The sub-species Callibaetis ferrugineusferrugineus and Callibaetis ferrugineushageni taken together are by far the most important Callibaetis taxon in American trout waters. In extant angling literature, the sub-species ferrugineus ferrugineus inhabiting the east and Midwest is referred to as ferrugineus sans the sub-species name. In the West, Callibaetis ferrugineushageni is referred to by many old and familiar synonyms, such as americanus, nigritus, and coloradensis. While important in the East and Midwest, it is in the West where Callibaetis ferrugineushageni has achieved legendary status. Many western stillwater anglers look to the hatches of these speckled duns and spinners as the highlight of their seasons and have coined the phrase "gulpers" to describe the trout's feeding activity. In the West, some spring fed lower elevation lakes with longer growing seasons can produce as many as three discrete broods. In typical baetid fashion, these broods will be larger and darker in the Spring tending smaller and lighter as the season progresses.
WildcatRob on Sep 8, 2007September 8th, 2007, 1:34 pm EDT
With almost 40 years lake fishing experience in the Northwest (Washington) our callibaetis always seem to start hatching mid afternoon in the evening, mate overnight then the spinners start in the morning. The spinners draw the most intense "rise." I put rise in quotes because it is so delicate there it leaves almost no disturbance at all not even a sip.
Taxon on Sep 8, 2007September 8th, 2007, 9:19 pm EDT
Generally, the more intense period of Callibaetis subimago emergence lasts for several hours, and takes place some time between mid-morning and mid-afternoon, whereupon both sexes retire to vegetation, awaiting a final molt, which occurs some hours later. Shortly thereafter, male imagoes form a mating swarm into which female imagoes venture to select a mate.
The male imago expires shortly following mating. However, the female imago returns to the shelter of foliage, where it remains for ~5 days, allowing the ova to fully mature within the female imago, which behavior is unique to Callibaetis(and perhaps also Cloeon) among the mayflies.
Following this period of dormancy, the female imago returns to the water and deposits her eggs, which hatch shortly following contact with the water, whereupon the female imago falls spent. This final act generally occurs near mid-morning, and constitutes the spinner fall to which you referred.
The preceding is simply offered in the interest of sharing knowledge of the unique process female Callibaetis mayflies undergo following emergence, and is not intended to rebut any of your observations, the accuracy (of which) I have no reason to doubt.
Please notice that I made absolutely no reference to the proper pronunciation of Callibaetis :)
Taxon on Sep 9, 2007September 9th, 2007, 5:14 am EDT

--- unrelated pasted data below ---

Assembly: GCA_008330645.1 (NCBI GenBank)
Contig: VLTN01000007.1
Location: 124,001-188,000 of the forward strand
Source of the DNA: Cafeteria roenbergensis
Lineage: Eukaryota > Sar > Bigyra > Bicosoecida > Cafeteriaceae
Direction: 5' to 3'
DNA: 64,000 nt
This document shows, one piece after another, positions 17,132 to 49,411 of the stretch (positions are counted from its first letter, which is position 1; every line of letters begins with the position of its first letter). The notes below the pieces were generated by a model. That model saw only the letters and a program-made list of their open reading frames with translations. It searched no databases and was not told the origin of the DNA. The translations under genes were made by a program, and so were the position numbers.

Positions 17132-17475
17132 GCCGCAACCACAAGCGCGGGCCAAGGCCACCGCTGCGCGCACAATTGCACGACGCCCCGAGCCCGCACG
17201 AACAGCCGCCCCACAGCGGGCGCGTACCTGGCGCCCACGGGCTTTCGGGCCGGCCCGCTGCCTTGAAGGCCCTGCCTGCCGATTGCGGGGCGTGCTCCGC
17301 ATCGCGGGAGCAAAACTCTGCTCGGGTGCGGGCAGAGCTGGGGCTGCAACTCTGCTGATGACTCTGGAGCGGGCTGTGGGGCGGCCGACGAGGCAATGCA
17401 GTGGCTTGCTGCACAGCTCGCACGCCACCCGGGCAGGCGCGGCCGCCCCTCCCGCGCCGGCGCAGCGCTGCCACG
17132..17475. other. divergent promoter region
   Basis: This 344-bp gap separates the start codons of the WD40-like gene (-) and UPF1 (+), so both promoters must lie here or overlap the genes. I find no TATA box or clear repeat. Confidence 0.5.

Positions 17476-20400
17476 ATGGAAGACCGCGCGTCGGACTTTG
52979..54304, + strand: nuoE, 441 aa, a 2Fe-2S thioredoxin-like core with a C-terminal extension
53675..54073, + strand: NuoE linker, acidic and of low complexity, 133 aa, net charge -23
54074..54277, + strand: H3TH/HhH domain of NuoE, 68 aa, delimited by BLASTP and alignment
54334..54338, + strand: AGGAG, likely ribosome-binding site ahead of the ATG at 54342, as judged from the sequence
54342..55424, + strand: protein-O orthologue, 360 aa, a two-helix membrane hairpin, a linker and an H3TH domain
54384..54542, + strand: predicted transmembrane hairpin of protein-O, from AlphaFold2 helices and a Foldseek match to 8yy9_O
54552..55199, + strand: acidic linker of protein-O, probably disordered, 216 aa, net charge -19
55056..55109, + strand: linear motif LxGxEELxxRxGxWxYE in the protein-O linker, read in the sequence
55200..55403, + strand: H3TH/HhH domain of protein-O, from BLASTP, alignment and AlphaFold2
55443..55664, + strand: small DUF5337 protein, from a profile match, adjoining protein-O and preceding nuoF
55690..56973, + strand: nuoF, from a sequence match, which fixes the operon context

Interesting, Shawn. Is this the pronunciation for the version of Biological Latin practiced in English-speaking countries, or is it from some other version of Latin, perhaps the one believed to have been first widely spoken?
Shawnny3 on Sep 9, 2007September 9th, 2007, 2:36 pm EDT
Sure, Rog: "Caley-BEE-AE-I-AY-tis", with the emphasis on the middle four syllables. Remember, 'i' before 'ae' except (10 letters) after 'c', as in 'callibeeaeiaytis' - a pretty standard spelling rule, if my memory of third grade serves correctly. As I mentioned before, there is still some healthy discussion on the first part of the word, though. Most commonly, it is pronounced with a hard 'k', although there is of course the softer 's' pronunciation, and in certain parts of Spain there is also in common use a rather pompous sounding 'th'. I've even heard that some Arabs pronounce it with a gutteral 'kh', but that's likely just poor diction.
Dgracia on Jan 7, 2009January 7th, 2009, 7:39 am EST
Hmmm....Interesting pronunciation. Not how I would say it or have ever heard it pronounced. When I studied Latin in school there were basically two ways to pronounce "ae". Classical or ecclesiastical Latin pronunciation is "ay". This is how it was spoken about 2000 years ago and how it was pronounced when the Catholic Mass was said in Latin (experience as an altar boy long ago and far away). A later pronunciation and one that is more common in educational and many scientific circles is "eye" (just like what you see with).
For the past 30 some years I have always pronounced it Cal-ih-bay-tis. You can pronounce it however you like and if we can't come to terms when we're conversing, we can always refer to it as a speckled wing dun.
Regarding Baetidae, I would expect to hear it pronounced "Bay tih day". Using the other accepted Latin pronunciation I would expect to hear it said "Bye-ti-dye". I have heard the first pronunciation, but not the second. The one I most commonly hear is a mixture of the two - "Bay-tih-dye". That shouldn't be correct, but that is the most common pronunciation I've run across. That word would be, by the way, the first declension plural nominative, and the gender of the word (not the bugs, but the word) would be feminine. That same spelling is used to denote the single possessive (of baetis) but you would only know if that was the intention by the way it is used in a sentence.
Of course, we could just call those Baetidae "Blue-Winged Olives" and be done with it.